Both the Air Line Pilots Association (ALPA) and the Independent Pilots Association (IPA) applauded last week’s announcement of new legislation in the U.S. Senate–S.1692, sponsored by Sen. Barbara Boxer (D-Calif.) and Sen. Maria Cantwell (D-Wash.)–to include cargo pilots in the new Part 117 flight and duty time regulations that take effect January 4 next year. FedEx pilots are ALPA members, while UPS pilots are represented by the IPA.
United States Senate
After less than a week of massive air traffic delays across the U.S., the Senate and the House of Representatives voted overwhelmingly last week to give the FAA the flexibility to move money around its budget from lower-priority items to more necessary areas like funding that returns all of the nation’s air traffic controllers to duty. The legislation is also expected to return funding to the agency’s contract tower program through the end of September. The Senate vote on the legislation was unanimous, while in the House the vote was 361 for and 41 against.
In a deft political maneuver that capitalizes on the perceived need of Congress to deliver election-year public works spending, Sen. Charles Schumer (D-N.Y.) attached an amendment today imposing helicopter flight restrictions in Long Island and Los Angeles to the $52 billion federal highway bill (S.1813). This amendment would mandate offshore routes for helicopters transiting the North and South sections of Long Island and require the FAA to develop more restrictive flight paths for civil helicopters operating over the Los Angeles basin.
House and Senate leaders appear to have reached agreement on a multi-year funding plan for FAA spending and programs. Intransigence across both sides of the political aisle has been instrumental in blocking long-term FAA reauthorization, which led to a partial shutdown of the agency for about two weeks last summer.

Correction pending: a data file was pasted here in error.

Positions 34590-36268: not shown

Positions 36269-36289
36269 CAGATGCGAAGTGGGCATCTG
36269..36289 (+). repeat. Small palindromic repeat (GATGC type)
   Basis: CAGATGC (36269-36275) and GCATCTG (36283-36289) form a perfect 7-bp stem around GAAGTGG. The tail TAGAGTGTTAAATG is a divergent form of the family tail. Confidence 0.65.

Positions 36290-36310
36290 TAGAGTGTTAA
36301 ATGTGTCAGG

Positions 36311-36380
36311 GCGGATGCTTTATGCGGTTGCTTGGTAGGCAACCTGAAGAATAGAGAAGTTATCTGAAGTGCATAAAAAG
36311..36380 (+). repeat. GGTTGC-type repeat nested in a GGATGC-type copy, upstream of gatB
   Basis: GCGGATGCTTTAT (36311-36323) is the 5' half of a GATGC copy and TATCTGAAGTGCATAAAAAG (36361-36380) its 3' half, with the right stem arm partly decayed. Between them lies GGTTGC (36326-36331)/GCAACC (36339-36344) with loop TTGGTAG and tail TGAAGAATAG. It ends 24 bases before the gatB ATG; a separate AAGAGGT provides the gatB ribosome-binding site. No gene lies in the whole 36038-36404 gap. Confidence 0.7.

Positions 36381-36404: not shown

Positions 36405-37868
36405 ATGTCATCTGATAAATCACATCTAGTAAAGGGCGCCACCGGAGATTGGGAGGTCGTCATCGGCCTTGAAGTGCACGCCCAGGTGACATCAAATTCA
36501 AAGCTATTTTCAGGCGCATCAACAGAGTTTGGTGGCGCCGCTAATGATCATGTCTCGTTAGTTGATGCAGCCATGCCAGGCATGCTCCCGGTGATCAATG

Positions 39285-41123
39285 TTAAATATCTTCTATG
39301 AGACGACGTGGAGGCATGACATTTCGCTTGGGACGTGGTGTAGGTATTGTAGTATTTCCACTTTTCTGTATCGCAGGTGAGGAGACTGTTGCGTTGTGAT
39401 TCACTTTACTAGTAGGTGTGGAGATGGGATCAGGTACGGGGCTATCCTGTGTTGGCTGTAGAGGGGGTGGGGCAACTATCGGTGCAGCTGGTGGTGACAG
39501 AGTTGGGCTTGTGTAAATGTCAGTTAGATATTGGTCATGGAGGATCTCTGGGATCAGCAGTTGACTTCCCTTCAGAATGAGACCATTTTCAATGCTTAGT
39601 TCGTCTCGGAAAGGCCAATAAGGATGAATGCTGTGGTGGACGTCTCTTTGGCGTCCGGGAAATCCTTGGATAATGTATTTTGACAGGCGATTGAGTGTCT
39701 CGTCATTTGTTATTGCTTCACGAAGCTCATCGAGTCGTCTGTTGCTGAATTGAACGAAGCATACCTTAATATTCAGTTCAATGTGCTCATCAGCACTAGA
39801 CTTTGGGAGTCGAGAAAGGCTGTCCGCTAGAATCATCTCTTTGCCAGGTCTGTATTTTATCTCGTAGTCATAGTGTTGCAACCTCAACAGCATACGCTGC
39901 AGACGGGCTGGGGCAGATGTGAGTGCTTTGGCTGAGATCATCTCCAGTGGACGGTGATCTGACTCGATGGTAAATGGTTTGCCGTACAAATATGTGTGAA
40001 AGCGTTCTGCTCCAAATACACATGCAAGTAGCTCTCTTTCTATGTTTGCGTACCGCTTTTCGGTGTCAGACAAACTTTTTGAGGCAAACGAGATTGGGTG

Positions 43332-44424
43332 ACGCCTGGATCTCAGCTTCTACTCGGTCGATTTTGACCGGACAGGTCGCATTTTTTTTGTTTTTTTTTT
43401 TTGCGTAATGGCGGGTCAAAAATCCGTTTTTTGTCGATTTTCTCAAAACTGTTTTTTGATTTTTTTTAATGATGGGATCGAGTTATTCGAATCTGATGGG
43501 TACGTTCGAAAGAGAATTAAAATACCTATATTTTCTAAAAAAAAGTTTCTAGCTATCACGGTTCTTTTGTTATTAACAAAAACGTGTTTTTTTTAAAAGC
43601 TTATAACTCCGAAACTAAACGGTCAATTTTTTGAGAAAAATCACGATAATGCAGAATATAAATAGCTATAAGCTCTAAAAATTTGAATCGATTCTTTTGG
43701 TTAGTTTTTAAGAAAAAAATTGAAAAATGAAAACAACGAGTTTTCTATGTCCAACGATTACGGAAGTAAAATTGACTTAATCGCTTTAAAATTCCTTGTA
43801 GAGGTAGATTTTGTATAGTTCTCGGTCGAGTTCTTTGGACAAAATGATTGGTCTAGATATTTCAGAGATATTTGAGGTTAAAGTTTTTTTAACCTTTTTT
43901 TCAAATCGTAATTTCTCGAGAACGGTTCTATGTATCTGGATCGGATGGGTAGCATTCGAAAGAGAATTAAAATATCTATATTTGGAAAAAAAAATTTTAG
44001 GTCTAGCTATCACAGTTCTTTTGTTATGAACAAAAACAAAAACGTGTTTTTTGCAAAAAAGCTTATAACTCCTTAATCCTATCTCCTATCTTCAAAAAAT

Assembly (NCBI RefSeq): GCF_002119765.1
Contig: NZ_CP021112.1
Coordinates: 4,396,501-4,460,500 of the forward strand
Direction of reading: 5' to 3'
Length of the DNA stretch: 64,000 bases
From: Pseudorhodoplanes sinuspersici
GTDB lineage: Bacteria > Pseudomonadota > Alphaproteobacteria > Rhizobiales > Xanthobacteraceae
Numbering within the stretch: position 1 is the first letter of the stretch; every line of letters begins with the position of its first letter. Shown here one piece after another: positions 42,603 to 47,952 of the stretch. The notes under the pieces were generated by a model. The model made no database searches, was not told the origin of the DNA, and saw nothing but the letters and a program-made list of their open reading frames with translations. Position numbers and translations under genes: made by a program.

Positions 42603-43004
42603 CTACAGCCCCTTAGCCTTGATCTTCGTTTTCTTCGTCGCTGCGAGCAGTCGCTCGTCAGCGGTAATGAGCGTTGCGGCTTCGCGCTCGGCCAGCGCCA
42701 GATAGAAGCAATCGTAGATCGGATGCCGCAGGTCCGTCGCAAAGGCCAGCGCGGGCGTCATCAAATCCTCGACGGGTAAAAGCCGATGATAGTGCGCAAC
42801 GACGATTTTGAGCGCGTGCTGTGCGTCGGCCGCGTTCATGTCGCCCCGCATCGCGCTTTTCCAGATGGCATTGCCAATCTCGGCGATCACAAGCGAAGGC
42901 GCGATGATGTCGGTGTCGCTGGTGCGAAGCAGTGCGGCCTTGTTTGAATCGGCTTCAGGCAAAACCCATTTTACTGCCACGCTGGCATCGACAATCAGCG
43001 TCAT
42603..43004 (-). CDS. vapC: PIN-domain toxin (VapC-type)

It took the furloughing of 4,000 “nonessential” FAA employees and the idling of 70,000 airport construction workers for the Senate to finally vote on the 21st extension of FAA programs and funding early last month.
A group of Democratic senators sent a letter to House Speaker John Boehner last month asking him to appoint conferees to FAA reauthorization talks before the current temporary extension expires on September 16.
A group of Democratic senators sent a letter to House Speaker John Boehner on Tuesday asking him to appoint conferees to FAA reauthorization talks before the current temporary extension expires on September 16.
Senate majority leader Harry Reid (D-Nev.) announced this afternoon that Congress has reached a bipartisan compromise that will allow temporary funding of the FAA through mid-September and end a two-week partial shutdown of the agency.
Capitol Hill observers expect the House and Senate conference committee on defense appropriations to issue its final report this week. In it could be included some $129 million designated for the VH-71 presidential helicopter program.
Congressional aviation committee and subcommittee leaders from both sides of the political aisle held onto their seats Tuesday, but some long-time friends of general aviation fell by the wayside. With 99 percent of the vote tallied by late afternoon yesterday, Sen. Ted Stevens (R-Alaska), ranking Republican on the Senate Transportation Committee, appeared to have retained his seat.
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